US 5876630 A
A cesium iodide based scintillation material is obtained exhibiting a low afterglow and high radiation hardness; its preparation method is developed, too.
The cesium iodide based scintillation material doped by thallium iodide contains an additional admixture of compound having the general formula
where Me is a cationic admixture,
This material has in its absorption spectrum a stretching vibration band of CO3 2- -ion about 7 μm and a bending vibration band about 11.4 μm, the absorption coefficient of the latter being from 1.4·10-3 to 2·10-2 cm-1.
Preparation method of this scintillation material comprises the raw material cesium iodide melting, adding of the activating thallium iodide dope, introduction of cesium carbonate (3·10-4 to 5·10-3 % by mass) and a sodium salt (3·10-4 to 7.5·10-3 % of Na by mass) into said raw material and/or the melt and a subsequent crystallization.
1. Single crystal scintillation material of cesium iodide doped by thallium iodide containing an additional admixture of a compound having the general formula
where Me is a cationic admixture,
having a sodium content in an amount from 3·10-4 to 7.5·10-3 % by mass, having a carbonate content in an amount from 5.4·10-5 to 9.2·10-4 % by mass, and having a diameter of at least 25 mm.
2. Single crystal scintillation material according to claim 1 containing in its absorption spectrum a stretching vibration band of CO3 2- -ion about 7 μm and a bending vibrations band about 11.4 μm, wherein the absorption coefficient of the bending vibrations band is from 1.4·10-3 to 2·10-2 cm-1.
3. Single crystal scintillation material according to claim 1, having a radiation hardness to produce a light yield drop of less than about 10% after gamma irradiation by 60 Co at a dose of 105 rad.
4. Single crystal scintillation material according to claim 1, having an afterglow intensity from 0.03 to 0.5% measured 5 ms after an X-ray pulse of 10 ms duration.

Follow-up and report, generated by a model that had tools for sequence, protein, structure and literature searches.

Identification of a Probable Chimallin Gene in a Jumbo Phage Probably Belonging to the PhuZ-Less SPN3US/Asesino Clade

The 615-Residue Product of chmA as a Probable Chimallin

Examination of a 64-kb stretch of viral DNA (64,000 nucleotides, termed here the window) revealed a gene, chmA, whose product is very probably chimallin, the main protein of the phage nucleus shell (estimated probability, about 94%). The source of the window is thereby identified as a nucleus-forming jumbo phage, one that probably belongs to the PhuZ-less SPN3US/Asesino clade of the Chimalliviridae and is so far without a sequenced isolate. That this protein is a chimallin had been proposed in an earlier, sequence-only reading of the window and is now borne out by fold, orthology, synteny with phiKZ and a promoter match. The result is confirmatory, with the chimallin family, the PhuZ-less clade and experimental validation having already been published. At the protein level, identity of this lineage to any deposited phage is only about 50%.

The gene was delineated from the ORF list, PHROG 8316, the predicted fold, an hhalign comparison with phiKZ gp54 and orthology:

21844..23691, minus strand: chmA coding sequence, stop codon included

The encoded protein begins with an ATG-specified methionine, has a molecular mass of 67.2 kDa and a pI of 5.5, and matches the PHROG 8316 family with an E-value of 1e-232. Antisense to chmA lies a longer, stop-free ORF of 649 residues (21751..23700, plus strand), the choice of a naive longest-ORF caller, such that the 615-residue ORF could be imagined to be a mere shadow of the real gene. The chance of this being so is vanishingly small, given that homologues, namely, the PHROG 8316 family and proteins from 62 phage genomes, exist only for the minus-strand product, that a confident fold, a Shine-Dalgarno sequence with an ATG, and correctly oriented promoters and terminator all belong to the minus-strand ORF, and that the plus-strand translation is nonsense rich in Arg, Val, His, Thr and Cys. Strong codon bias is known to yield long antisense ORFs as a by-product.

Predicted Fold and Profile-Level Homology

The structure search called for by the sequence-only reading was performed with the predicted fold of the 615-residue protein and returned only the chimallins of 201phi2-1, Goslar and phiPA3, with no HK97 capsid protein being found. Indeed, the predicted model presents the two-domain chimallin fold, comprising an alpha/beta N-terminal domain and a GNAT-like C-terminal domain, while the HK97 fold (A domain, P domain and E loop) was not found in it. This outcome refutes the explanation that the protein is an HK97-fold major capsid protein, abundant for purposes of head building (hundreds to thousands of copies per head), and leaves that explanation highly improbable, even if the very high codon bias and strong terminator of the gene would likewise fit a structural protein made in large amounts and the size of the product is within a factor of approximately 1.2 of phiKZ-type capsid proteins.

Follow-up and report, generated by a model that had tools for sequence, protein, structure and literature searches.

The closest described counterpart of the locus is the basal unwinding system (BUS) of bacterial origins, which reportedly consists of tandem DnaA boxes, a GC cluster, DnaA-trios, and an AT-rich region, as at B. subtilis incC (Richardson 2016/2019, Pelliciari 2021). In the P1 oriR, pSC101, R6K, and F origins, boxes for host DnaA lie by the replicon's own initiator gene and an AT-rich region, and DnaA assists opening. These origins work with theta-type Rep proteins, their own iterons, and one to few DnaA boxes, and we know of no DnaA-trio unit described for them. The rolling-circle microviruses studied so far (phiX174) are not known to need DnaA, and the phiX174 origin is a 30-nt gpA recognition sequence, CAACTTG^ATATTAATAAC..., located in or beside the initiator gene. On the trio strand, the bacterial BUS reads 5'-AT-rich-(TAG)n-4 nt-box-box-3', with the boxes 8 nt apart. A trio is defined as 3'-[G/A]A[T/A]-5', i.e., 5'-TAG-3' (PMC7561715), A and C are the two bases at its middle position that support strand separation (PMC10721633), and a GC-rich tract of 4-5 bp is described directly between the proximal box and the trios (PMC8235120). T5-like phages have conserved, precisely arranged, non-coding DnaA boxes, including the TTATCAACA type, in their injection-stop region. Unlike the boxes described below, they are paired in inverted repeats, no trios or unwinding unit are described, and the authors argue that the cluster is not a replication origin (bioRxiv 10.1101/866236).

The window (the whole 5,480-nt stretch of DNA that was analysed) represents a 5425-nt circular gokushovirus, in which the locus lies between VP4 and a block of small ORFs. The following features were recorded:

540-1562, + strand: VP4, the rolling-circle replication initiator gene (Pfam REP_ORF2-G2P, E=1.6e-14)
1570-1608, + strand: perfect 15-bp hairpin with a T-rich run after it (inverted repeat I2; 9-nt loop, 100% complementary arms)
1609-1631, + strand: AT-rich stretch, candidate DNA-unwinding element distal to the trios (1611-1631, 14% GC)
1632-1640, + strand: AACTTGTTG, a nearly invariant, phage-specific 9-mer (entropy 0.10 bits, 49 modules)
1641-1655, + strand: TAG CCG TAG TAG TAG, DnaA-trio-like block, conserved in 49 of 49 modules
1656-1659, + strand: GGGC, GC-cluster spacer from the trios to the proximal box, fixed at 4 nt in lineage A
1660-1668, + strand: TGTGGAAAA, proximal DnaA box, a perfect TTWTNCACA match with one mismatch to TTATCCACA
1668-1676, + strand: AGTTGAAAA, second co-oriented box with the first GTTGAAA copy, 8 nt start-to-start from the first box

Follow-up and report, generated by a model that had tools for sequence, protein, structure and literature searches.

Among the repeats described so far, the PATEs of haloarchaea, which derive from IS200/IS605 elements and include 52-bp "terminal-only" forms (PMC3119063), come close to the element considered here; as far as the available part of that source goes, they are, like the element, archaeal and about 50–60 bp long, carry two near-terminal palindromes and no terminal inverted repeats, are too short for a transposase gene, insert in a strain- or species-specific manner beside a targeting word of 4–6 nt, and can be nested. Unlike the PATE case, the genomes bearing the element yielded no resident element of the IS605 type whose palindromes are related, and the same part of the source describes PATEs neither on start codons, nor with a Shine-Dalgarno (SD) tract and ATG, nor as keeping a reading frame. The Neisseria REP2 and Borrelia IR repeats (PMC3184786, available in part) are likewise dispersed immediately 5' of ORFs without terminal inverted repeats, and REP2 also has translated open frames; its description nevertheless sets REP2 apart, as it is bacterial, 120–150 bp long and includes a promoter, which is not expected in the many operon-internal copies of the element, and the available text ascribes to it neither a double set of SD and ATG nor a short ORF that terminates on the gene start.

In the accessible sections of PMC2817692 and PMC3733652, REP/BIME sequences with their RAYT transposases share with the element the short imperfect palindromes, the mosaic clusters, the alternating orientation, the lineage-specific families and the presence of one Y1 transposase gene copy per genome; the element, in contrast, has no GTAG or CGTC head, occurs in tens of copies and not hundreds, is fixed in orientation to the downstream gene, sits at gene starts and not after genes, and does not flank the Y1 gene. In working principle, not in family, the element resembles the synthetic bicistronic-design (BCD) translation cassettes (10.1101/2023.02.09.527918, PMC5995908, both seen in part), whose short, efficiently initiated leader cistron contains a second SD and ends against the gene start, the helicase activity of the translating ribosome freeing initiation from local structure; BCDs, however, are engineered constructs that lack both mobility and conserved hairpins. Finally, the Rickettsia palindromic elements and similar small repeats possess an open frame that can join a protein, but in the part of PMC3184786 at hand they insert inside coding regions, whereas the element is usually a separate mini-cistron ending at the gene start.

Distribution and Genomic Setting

5. Single crystal scintillation material according to claim 1, having a diameter of more than 300 mm.
6. Single crystal scintillation material according to claim 1, having a diameter of at least 300 mm and a height of at least 300 mm.
7. Method for preparation of a cesium iodide based single crystal scintillation material comprises melting of the raw material cesium iodide, introduction of the activating thallium iodide dope, introduction of cesium carbonate in an amount from 3·10-4 to 5·10-3 % by mass and a sodium salt in an amount from 3·10-4 to 7.5·10-3 % of Na by mass into said raw material and/or the melt and subsequent crystallization.
This invention is related to the field of doped single crystals growth and can be used in the production of scintillators applicable in nuclear, space, geophysic research instruments as well as in medical and industrial computer tomography.
Scintillators use in high-energy fields of ionizing radiation and in time-resolution apparatus imposes increased requirements to a single crystal in respect to radiation hardness and afterglow in millisecond range. This is of particular importance for cesium iodide scintillator doped by thallium (CsI--Tl) that has attract considerable interest in connection to wide use of photodiodes as scintillation light receivers, since CsI--Tl has a long-wave emission range (λ=550 nm) and, therefore, ensures a high spectral correlation coefficient with photodiodes.
Recently, extensive use is made of gamma spectrometers and electromagnetic calorimeters based on large-size assemblies of modular detectors in form of prisms and truncated pyramids from 250 to 500 mm in height (H). One of main requirements to these elements is, together with high scintillation parameters, the homogeneity of characteristics over the detector height. To this end, large-size scintillation crystals are required characterized by homogeneous radial and axial activator distribution having high radiation hardness. Furthermore, large-size scintillation crystals with homogeneous activator distribution and low afterglow are of considerable interest for detection systems including a large number (several thousands) of small-size scintillators having identical parameters. Among other cases, such a requirement is imposed by the computer tomography.
A scintillation material has been disclosed (U.S. Pat. No. 4,341,654) based on an alkali iodide crystal activated by an optimal amount of effective scintillating dope and containing from 5 to 1000 ppm (of the melt mass) of each complex component of the getter consisting of boron oxides as one component and insoluble but active silicon dioxide as another one.